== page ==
If Columbus exhibits today a less explosive atmosphere than in years past, however, it certainly admits to a no less fanatic preoccupation with the game itself. Football, in ceasing to be a wild party, has become a way of life. In a dozen postwar seasons the average attendance for home games has been well over 70,000; in the last four it has been above 80,000, and this in a stadium which admits to only 79,618 seats. This year the Ohio State season advance sale was 67,000 for each game, a figure never before even considered by any other school. And last Saturday 83,113 people presented rather dramatic proof that there was no recession in football interest in Columbus by pouring into Ohio Stadium to watch the Buckeyes open the 1958 season against SMU. Except for the 1926 Michigan game, when the crowd broke down all the gates and overran the field and nobody could get around to counting them anyway, it was the biggest crowd in Ohio Stadium history.
If a Columbus fan can't squeeze into the game, he can hear it on any of five local stations—the sixth is a traitor which carries Notre Dame—and, should he miss both game and broadcast, he can always go to the Quarterback Club on Wednesday and listen to Hayes tell a now-docile group of ex-experts how it was done. That is, he can if he is a member; the Quarterback Club numbers 700 now and has a waiting list even longer because the big ballroom of the Southern Hotel, where it meets, just won't hold any more.
In Columbus they still agree with what an Ohio State president said, only half in jest, some years ago: "We want to have a university of which the football team can be proud."
The game the big crowd saw on Saturday was a corker. Ohio State won 23-20 by the margin of three successful conversions, one by kick and two by pass, and in so doing the Buckeyes convinced almost everyone in sight that they were just as good as had been foretold. The line is the biggest this side of the Chicago Bears, with an average weight of 225 pounds; there are three very fine running backs in Don Clark, Bob White and Dick LeBeau, and a smart, experienced quarterback in Frank Kremblas. Together they make of Hayes's unexciting style of attack, which he calls "plain vanilla," an exciting demonstration in power and precision. If Kremblas' shoulder, which was dislocated late in the fourth quarter, heals within two weeks as expected, Ohio State is going to roll over a lot of teams before the year is out.
As part of Hayes's attention to detail, Ohio State just doesn't beat itself. A fumble in practice is a calamity; in a game it is a major disgrace. As a result, Ohio State does not fumble. A Buckeye punt is blocked about once in seven years, and Ohio State passes are just not intercepted. This is partly because they do not throw very often, of course ("I hope I never have a great passer," Woody has said. "A team with a great passer may score some spectacular victories but it never wins the championship, and we're after championships here. When you get fancy, you get beat") but, just the same, when his teams do throw, it is usually a completion. Neither are the Bucks killed by penalties, despite their tough brand of play. One reason is they keep a Big Ten official on hand at practice and by game time it has been impressed upon them at some length that they should not incur his displeasure.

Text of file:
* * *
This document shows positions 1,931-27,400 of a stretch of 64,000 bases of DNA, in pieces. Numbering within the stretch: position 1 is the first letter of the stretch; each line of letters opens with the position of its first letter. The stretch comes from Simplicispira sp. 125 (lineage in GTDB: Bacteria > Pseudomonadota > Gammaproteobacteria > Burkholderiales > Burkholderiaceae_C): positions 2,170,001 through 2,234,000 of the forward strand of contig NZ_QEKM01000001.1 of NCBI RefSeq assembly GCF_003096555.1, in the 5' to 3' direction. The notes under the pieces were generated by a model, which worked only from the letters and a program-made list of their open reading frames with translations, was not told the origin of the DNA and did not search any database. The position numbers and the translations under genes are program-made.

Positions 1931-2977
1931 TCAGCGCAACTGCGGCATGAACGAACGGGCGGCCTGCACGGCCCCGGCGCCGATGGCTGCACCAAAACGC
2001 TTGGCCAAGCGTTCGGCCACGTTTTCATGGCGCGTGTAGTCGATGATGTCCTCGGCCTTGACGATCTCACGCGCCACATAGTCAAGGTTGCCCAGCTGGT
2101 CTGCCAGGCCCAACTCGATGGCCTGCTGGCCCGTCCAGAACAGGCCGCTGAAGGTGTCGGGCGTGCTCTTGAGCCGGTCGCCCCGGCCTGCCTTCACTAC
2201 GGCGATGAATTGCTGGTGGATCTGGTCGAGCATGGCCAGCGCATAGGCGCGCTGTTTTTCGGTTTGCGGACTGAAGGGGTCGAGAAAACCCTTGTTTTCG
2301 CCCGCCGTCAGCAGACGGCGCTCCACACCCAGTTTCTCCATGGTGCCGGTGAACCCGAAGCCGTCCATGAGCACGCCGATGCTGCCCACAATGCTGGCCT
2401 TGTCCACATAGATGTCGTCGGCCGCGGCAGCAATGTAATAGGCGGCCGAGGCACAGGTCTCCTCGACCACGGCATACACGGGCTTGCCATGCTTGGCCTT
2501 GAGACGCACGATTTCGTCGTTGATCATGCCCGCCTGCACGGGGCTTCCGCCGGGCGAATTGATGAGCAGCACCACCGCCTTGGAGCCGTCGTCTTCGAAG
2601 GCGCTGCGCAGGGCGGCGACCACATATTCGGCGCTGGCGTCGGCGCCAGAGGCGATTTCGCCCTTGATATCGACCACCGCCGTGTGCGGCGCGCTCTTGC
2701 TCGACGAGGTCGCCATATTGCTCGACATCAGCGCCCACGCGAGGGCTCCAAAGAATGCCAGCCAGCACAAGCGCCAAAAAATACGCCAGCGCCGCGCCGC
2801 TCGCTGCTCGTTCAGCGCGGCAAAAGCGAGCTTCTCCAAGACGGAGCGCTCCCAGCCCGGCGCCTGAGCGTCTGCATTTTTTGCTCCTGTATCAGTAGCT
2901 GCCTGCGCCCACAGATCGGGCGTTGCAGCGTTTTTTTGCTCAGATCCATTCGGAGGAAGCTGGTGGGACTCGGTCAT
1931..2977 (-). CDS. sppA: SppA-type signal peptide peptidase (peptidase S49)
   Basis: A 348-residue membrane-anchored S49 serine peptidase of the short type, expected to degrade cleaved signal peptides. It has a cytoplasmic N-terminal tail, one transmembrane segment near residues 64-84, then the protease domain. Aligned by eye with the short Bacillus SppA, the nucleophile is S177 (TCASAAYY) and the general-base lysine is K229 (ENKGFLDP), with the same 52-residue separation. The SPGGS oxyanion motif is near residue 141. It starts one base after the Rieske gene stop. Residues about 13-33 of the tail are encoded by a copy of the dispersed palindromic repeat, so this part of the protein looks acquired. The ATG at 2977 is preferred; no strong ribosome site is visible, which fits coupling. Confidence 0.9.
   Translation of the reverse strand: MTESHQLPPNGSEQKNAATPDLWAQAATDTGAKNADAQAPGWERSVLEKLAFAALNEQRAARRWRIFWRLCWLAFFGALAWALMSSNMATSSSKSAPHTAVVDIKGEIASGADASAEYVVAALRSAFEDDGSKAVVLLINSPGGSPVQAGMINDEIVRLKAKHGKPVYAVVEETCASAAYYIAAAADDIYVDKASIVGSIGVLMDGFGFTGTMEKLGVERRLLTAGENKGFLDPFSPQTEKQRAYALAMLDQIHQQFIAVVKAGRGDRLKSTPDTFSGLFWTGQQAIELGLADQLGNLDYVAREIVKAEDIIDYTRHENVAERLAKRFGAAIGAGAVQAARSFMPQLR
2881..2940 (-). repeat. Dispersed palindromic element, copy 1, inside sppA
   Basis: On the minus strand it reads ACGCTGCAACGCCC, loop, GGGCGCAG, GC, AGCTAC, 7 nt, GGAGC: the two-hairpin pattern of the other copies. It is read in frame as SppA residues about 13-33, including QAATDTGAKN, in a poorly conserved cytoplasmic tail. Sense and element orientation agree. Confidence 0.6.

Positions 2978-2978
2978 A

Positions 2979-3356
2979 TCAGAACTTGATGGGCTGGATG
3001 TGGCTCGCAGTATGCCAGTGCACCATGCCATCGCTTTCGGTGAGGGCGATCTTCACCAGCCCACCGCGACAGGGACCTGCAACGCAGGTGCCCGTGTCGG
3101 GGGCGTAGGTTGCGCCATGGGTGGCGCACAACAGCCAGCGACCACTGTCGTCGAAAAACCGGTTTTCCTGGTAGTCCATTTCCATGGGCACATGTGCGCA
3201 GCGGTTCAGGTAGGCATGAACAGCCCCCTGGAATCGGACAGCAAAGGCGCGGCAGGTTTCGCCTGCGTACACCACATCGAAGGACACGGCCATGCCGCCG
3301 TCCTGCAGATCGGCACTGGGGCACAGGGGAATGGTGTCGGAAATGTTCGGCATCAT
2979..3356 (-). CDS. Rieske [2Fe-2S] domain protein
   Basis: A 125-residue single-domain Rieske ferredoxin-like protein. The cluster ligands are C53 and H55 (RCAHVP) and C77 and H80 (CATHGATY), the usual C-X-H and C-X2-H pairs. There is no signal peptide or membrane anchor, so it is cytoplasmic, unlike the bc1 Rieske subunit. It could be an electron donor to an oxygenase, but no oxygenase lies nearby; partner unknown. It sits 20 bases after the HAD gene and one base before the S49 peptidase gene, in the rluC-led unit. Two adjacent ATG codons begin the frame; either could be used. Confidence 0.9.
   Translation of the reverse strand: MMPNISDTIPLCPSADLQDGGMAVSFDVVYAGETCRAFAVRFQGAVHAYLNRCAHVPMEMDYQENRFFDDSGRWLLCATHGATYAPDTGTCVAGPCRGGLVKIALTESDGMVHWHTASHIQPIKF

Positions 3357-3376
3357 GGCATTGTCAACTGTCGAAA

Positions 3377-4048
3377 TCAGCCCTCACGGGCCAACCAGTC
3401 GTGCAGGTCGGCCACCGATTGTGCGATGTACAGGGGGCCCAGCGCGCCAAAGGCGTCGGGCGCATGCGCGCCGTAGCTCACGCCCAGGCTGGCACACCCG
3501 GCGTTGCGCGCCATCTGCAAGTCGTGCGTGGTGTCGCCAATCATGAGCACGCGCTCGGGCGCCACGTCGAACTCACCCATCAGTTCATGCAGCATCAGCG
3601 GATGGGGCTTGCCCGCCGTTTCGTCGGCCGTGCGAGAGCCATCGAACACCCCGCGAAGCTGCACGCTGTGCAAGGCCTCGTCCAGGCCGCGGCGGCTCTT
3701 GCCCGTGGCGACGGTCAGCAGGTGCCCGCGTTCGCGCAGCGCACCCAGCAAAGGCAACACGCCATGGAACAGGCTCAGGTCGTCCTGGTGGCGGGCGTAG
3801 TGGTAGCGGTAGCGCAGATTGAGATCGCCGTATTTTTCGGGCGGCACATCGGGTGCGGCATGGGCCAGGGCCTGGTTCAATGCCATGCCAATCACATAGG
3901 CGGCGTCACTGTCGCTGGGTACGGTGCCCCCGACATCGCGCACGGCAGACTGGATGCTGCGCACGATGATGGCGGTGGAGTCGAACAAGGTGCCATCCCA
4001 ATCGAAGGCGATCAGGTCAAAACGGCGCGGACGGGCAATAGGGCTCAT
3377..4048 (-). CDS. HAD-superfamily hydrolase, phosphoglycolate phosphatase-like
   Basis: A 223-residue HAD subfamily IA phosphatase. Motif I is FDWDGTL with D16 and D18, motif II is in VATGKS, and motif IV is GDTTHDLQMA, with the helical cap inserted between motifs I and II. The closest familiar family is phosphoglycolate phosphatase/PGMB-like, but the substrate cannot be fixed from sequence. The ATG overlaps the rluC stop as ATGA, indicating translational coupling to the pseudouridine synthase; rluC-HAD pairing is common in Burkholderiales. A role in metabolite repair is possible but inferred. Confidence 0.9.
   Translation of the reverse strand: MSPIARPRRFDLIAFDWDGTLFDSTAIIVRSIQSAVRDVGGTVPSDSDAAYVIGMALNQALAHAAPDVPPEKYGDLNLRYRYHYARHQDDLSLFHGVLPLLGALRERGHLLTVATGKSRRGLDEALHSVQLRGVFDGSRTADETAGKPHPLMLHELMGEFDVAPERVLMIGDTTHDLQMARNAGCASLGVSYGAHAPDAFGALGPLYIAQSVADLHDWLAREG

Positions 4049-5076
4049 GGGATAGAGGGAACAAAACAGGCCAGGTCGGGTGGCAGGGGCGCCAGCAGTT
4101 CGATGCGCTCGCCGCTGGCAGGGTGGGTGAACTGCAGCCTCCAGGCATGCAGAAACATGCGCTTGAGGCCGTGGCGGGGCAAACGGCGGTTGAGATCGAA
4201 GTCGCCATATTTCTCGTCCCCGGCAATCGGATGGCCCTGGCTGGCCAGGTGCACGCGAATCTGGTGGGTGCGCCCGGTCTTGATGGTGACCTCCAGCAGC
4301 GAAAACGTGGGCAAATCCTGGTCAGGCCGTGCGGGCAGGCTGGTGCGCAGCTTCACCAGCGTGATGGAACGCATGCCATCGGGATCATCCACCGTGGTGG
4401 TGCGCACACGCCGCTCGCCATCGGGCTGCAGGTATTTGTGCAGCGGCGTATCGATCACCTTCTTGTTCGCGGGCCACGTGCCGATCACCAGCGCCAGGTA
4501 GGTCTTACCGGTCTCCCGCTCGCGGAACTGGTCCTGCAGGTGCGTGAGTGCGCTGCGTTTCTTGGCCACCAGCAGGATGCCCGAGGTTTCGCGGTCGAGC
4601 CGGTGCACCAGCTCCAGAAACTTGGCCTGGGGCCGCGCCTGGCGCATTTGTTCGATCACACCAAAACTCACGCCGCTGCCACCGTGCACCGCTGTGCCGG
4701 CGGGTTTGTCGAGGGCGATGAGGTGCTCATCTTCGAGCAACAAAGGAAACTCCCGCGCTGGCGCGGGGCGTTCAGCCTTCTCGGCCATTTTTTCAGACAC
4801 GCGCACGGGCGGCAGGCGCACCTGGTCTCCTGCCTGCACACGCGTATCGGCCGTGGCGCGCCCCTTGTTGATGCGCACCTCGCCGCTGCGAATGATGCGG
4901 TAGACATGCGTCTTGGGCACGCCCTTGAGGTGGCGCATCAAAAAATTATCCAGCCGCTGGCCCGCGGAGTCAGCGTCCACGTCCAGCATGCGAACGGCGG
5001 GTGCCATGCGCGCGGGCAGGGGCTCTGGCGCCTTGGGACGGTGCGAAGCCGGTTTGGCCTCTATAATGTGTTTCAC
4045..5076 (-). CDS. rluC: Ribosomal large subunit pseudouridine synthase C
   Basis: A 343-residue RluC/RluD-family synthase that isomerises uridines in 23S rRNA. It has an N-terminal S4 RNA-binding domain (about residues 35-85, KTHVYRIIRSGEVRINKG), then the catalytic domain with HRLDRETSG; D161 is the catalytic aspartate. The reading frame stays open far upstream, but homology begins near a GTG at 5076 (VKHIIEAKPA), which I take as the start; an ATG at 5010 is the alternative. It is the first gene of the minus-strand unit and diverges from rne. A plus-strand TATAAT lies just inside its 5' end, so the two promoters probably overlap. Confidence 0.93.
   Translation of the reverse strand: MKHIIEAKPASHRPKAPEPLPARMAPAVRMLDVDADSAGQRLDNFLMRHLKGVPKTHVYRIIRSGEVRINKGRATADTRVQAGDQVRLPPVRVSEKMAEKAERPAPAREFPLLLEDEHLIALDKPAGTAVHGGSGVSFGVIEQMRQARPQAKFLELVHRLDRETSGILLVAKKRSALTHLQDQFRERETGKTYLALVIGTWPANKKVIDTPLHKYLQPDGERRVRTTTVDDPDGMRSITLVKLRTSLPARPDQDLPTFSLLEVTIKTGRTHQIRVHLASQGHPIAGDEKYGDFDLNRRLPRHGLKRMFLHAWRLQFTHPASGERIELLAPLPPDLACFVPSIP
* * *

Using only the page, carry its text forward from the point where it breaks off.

But the best thing Hayes had going for him Saturday was another stout pass defense—and without it Ohio State would have been dead. Only once has one of his teams lost to a great passer (Stanford's John Brodie by 6-0 in 1955), and in seven years they have faced some of the best: Fred Benners of SMU in '51 (he had defeated another Ohio State team the year before 32-27), Tommy O'Connell of Illinois in '52, Paul Larson of California in '53, Lenny Dawson of Purdue in '54, Brodie in '56 and Jack Crabtree of Oregon in the 1958 Rose Bowl game. Last weekend, however, they ran into a boy who was probably the best.
Southern Methodist's Don Meredith is a big (6 feet 3, 190 pounds), deceptively quick 20-year-old junior from the little town of Mount Vernon, Texas, and last year, playing in only six games as a regular, he set a national collegiate accuracy record by completing almost 70% of the passes he threw. Almost never do his passes fall out of range. Even more startling is the manner in which he unloads, fast, when pursued or in trouble. Pressure does not seem to bother him a bit, and on Saturday he completed 19 out of 28 attempts for 213 yards, much of the time with Ohio State linemen waving their large hands in his face or draped around various parts of his anatomy. Once he led SMU 75 yards to a touchdown with six straight completions from a spread formation. What he will do some Saturday afternoon against a lesser team is enough to make anyone want to see more.
But Ohio State, with its relentless pressure from the line and alert ball-hawking in the secondary, stopped him just enough. Twice in the first half they intercepted his passes, once when LeBeau cut in front of a receiver and picked the ball off in the end zone, again when End Jim Houston batted a pass into the air just as it left Meredith's hands and Center Dan Fronk gathered it in. And particularly on two of SMU's conversion attempts did the Ohio State pass defense earn its keep, blanketing receivers so well that first Sub Quarterback Billy Dunn and then Meredith had nowhere to throw. In the end, that turned out to be the ball game.
While Ohio State was beating SMU, various other Big Ten members were busy at work pounding home the old lesson that right here is the part of the country where they do this sort of thing best.